Carmine Caridi, the member of the Academy of Motion Picture Arts and Sciences who violated the Academy's signed agreement covering the use of film studios' "awards screeners," was ordered to pay maximum statutory damages of $300,000 in a civil suit brought by Warner Bros. Entertainment. As an Academy member, he received DVD screeners, among them Warner Bros. Pictures' "Mystic River" and Warner Bros. Pictures' and WH Films' "The Last Samurai," which he then sent to Russell Sprague in Chicago.
In imposing the maximum statutory damages of $150,000 per title for willful copyright infringement, Judge Stephen Wilson of the U.S. District Court for the Central District of California took particular note of the intentional and deliberate nature of Caridi's unlawful conduct. "The conduct in this case is particularly egregious," the Judge stated.
In direct violation of his signed agreement with the Academy, Caridi provided the DVD screeners-which represent perfect copies of the films-to Sprague, who then duplicated them and made them available to others, resulting in their being illegally posted on Internet peer-to-peer sites where they were easily downloaded. Sprague was arrested in April, 2004 and has pled guilty to a criminal charge of violating the Digital Millennium Copyright Act. He currently awaits sentencing.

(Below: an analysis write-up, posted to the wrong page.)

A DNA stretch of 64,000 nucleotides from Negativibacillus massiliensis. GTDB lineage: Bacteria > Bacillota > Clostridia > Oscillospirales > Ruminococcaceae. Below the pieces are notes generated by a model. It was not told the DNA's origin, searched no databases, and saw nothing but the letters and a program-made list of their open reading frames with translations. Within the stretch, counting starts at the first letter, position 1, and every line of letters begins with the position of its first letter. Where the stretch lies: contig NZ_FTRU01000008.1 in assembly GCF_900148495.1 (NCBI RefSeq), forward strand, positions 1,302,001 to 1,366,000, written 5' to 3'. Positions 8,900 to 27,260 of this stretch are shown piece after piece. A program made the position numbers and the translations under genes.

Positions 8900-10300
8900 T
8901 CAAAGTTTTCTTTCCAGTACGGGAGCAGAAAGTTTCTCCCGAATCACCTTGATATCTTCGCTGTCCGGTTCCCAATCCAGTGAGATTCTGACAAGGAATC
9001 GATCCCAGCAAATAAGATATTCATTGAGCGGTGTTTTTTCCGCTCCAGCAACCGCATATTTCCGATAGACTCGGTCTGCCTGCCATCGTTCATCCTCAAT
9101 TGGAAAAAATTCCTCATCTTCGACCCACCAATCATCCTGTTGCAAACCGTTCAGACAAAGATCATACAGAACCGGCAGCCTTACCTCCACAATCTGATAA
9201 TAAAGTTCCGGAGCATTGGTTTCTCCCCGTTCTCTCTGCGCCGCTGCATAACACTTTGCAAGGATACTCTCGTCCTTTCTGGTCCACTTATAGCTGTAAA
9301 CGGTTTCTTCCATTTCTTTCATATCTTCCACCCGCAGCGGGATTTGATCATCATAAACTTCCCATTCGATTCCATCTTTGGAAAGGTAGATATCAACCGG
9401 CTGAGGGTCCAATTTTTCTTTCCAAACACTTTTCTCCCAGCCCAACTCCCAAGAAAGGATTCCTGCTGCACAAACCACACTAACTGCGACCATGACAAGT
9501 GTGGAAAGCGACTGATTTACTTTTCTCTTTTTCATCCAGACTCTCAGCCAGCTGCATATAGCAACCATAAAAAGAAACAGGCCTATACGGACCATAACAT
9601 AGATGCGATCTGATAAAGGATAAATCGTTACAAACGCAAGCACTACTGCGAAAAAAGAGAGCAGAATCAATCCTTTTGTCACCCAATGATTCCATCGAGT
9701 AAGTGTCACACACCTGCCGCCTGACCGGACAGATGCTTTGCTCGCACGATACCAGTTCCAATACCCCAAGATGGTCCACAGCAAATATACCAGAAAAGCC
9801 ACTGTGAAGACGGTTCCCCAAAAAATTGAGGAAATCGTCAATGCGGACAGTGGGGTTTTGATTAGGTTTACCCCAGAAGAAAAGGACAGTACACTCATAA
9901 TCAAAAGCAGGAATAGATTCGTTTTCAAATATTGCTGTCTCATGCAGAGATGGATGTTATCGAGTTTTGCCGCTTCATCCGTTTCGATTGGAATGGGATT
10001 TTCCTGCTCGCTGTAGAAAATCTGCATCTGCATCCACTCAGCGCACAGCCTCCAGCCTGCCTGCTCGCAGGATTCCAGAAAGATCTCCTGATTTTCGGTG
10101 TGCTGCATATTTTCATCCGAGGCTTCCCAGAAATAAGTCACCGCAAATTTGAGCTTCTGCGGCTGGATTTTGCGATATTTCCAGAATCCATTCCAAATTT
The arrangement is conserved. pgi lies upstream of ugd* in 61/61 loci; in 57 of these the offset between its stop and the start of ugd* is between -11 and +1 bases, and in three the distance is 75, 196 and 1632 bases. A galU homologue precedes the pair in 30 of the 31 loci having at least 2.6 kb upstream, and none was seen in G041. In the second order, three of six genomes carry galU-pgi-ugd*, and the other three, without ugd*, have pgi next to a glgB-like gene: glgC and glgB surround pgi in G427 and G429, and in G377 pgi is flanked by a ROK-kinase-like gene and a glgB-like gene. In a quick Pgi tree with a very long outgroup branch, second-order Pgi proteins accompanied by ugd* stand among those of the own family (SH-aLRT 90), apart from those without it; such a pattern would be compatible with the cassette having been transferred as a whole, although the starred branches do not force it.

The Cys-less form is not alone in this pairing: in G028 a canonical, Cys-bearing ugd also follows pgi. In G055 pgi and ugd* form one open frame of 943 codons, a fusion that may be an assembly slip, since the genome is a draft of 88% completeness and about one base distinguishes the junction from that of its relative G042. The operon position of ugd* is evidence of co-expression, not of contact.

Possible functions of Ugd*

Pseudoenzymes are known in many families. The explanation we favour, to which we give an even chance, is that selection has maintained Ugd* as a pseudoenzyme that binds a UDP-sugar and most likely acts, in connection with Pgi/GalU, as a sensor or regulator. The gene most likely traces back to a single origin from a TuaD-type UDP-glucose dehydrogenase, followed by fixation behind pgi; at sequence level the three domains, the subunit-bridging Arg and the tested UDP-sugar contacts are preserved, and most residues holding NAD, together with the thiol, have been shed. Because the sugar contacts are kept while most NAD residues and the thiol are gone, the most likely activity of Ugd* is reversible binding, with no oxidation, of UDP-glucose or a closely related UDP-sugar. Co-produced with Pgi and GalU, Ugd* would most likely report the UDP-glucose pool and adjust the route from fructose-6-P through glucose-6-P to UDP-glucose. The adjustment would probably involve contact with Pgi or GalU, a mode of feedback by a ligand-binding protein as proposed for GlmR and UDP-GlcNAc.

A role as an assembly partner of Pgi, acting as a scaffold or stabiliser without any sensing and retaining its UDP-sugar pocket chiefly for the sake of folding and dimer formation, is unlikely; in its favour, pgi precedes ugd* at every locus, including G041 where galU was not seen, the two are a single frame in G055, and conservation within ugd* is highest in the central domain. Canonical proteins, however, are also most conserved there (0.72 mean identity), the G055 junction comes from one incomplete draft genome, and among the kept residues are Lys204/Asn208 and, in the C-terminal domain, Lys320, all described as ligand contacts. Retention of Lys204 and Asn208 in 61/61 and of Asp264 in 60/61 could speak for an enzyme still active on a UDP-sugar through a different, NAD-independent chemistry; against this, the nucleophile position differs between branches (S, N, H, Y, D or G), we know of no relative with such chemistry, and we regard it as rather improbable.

Forensics proved that Caridi's screener, along with two illegally camcorded copies, provided the masters for pirated hard good copies in over 21 countries.
"Judge Wilson's award and comments clearly show that due to the viral nature of the Internet, even one illegally used copy of a film can cause significant financial damage," said Darcy Antonellis, Senior Vice President, Worldwide Anti-piracy Operations, Warner Bros. Entertainment. "In awarding the maximum statutory damages, he has shown that willful infringers will cause significant financial damage to themselves as well. We hope that the court's award against Mr. Caridi, as well as the criminal sentence to be handed down against Mr. Sprague, whose actions were equally destructive, will prove a deterrent against the stealing of intellectual property."
Craig M. Hoffman
Director, Corporate Communications, Technology Operations
Warner Bros. Entertainment Inc. Craig.Hoffman@warnerbros.com>